I was awakened the morning of June 18 by a text which read, "Now we aren't even safe in our churches anymore." As I was reading that text, another one came in that said, "Praying while black."
The massacre of nine black men and women at Emmanuel AME church is about more than the deranged mind and hateful racism of one 21 year old man. It is about the narrative of white privilege and supremacy that is endemic to the American identity. From its earliest beginnings American identity was crafted in opposition to that which was non-white. When the Pilgrims and Puritans fled from England claiming to be a "chosen people," they carried with them the seeds of a deadly racialized culture -- for, the key to chosen-ness was being Anglo-Saxon, and hence, white. As Pulitzer and Nobel Prize winning novelist Toni Morrison has pointed out, "Deep within the word 'America' is its association with race."
There is no getting around it, the myth of Anglo-Saxon/white superiority has shaped and continues to shape America's sense of self. Though sometimes unspoken, it is a pervasive narrative that determines who is and who is not entitled to the rights of "life, liberty and the pursuit of happiness." It is a narrative that determines which bodies have the right to enjoy "free space." The black body was introduced into this country as property, and thus, as a body not meant to be free. The free space was deemed a white space. Throughout history anytime black bodies have intruded in a profound way into the free white space, this narrative has emerged in sometimes violent ways -- from the Black Codes and the rise of the Klu Klux Klan that followed emancipation, to the "white backlash" and War on Drugs that followed the civil rights movement. There is perhaps no greater encroachment upon the free white space than a black president. It is no surprise then that racialized violence against black bodies has seemingly intensified in this country in a way in which we have not experienced over the last 50 years, to the point of attacking black people at worship.
Historically, the black church has been a free space for black bodies. It has been not only the "religious and social center" for black Americans, but it has been an oasis where black people could escape the daily racist insults upon their bodies and psyches. And so, an attack within the black church sends a message to the black community that there is nowhere that you can be free from the hate of white racism. How do we get beyond the violently racialized society that endangers black life and that is America?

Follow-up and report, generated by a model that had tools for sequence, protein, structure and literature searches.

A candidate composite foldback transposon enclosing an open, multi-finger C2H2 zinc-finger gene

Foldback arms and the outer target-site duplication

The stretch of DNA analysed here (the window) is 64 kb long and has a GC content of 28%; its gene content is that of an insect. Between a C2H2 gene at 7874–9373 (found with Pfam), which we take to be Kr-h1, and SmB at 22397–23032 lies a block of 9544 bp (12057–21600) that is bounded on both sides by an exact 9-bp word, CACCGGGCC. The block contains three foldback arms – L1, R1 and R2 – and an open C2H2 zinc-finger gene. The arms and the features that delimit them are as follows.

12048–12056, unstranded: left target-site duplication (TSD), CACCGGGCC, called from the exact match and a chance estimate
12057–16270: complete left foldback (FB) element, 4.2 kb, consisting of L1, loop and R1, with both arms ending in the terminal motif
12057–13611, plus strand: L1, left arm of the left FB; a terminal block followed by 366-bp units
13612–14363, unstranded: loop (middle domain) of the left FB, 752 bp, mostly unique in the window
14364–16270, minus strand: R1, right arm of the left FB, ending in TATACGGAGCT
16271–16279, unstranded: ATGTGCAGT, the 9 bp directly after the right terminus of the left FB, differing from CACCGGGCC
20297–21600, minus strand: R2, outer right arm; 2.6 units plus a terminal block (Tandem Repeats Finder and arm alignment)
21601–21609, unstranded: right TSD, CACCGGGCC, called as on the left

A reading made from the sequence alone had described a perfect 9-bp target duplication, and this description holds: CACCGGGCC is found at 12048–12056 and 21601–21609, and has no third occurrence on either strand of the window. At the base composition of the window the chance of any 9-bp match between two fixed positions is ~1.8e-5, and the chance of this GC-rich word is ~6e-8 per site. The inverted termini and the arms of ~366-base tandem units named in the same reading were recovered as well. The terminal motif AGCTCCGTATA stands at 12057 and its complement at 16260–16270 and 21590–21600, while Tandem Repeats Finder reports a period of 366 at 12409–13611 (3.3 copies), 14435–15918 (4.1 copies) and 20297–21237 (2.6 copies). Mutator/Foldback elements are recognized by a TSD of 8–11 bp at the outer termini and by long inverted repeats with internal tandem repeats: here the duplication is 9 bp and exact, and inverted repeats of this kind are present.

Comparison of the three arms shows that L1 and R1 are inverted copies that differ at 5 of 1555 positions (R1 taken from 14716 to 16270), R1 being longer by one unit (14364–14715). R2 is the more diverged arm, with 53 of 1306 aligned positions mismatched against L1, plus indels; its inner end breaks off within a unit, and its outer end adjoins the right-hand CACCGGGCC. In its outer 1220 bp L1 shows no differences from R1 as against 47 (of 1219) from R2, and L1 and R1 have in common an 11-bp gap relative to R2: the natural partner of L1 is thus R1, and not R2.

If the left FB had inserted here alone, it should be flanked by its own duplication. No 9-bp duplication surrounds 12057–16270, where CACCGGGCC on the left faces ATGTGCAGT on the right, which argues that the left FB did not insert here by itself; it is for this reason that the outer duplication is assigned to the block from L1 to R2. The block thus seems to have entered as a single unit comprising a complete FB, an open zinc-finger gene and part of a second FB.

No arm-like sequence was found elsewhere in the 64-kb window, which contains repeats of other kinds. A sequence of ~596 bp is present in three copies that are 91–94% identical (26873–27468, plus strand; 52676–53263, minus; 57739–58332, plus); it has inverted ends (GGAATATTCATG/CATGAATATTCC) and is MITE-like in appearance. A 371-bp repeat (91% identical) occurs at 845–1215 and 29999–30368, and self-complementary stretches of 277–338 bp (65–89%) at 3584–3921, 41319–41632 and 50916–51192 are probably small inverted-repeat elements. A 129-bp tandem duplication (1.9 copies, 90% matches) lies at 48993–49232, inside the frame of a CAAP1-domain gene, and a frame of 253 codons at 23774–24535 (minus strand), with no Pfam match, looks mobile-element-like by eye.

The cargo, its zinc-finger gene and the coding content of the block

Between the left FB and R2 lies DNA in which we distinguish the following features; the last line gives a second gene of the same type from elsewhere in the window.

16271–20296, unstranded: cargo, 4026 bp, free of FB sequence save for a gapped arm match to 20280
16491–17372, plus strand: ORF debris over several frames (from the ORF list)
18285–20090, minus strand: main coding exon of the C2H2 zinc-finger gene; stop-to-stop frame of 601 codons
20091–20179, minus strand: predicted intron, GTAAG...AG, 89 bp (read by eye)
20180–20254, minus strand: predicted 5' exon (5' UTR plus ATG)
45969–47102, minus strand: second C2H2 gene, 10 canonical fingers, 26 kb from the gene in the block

Fifty years ago, in response to President Kennedy's assassination, Martin Luther King Jr, wrote, "Our nation should do a great deal of soul searching . . . while the question 'Who killed President Kennedy?' is important, the question 'What killed him?' is more important." King's words are instructive. For, if there is to be an end to the epidemic of "racialized" violence in this country, at the same time that we seek resignations, indictments, and guilty verdicts, we must also demand that this nation, especially white America, engage in hard soul-searching regarding the question of race. It must confront the ideology that sustains systemic, structural and cultural forms of white privilege in this country and fosters notions of black inferiority and criminality.
We do not live in a post-racial society. This too is a myth that serves to sustain the status quo of white privilege. Moreover, we will never live in a "post-racial" society until this country makes it a national priority to confront the racialized myths upon which this country was built and which continue to negatively shape the day to day realities of black life in America. Our educational institutions and religious communities must lead the way in changing the course of history when it comes to race in this country.
Borrowing from the words of W.E.B. Du Bois, America is a nation defined by "two warring thoughts, two unreconciled strivings, two warring ideas." This country must decide if it is going to be a nation torn asunder by race or a nation unified by a commitment to freedom and justice for all? It must determine if it is to be a nation separate and unequal by lines of color or a nation dedicated to the declaration that all persons, regardless of race, gender identity, sexual identity or any other human attribute, are created equal? Until this country deals with its racialized identity, then the legacy of attacks in black churches, from the 1963 Birmingham church bombing to the 1980s black church burnings until yesterday's massacre will go on.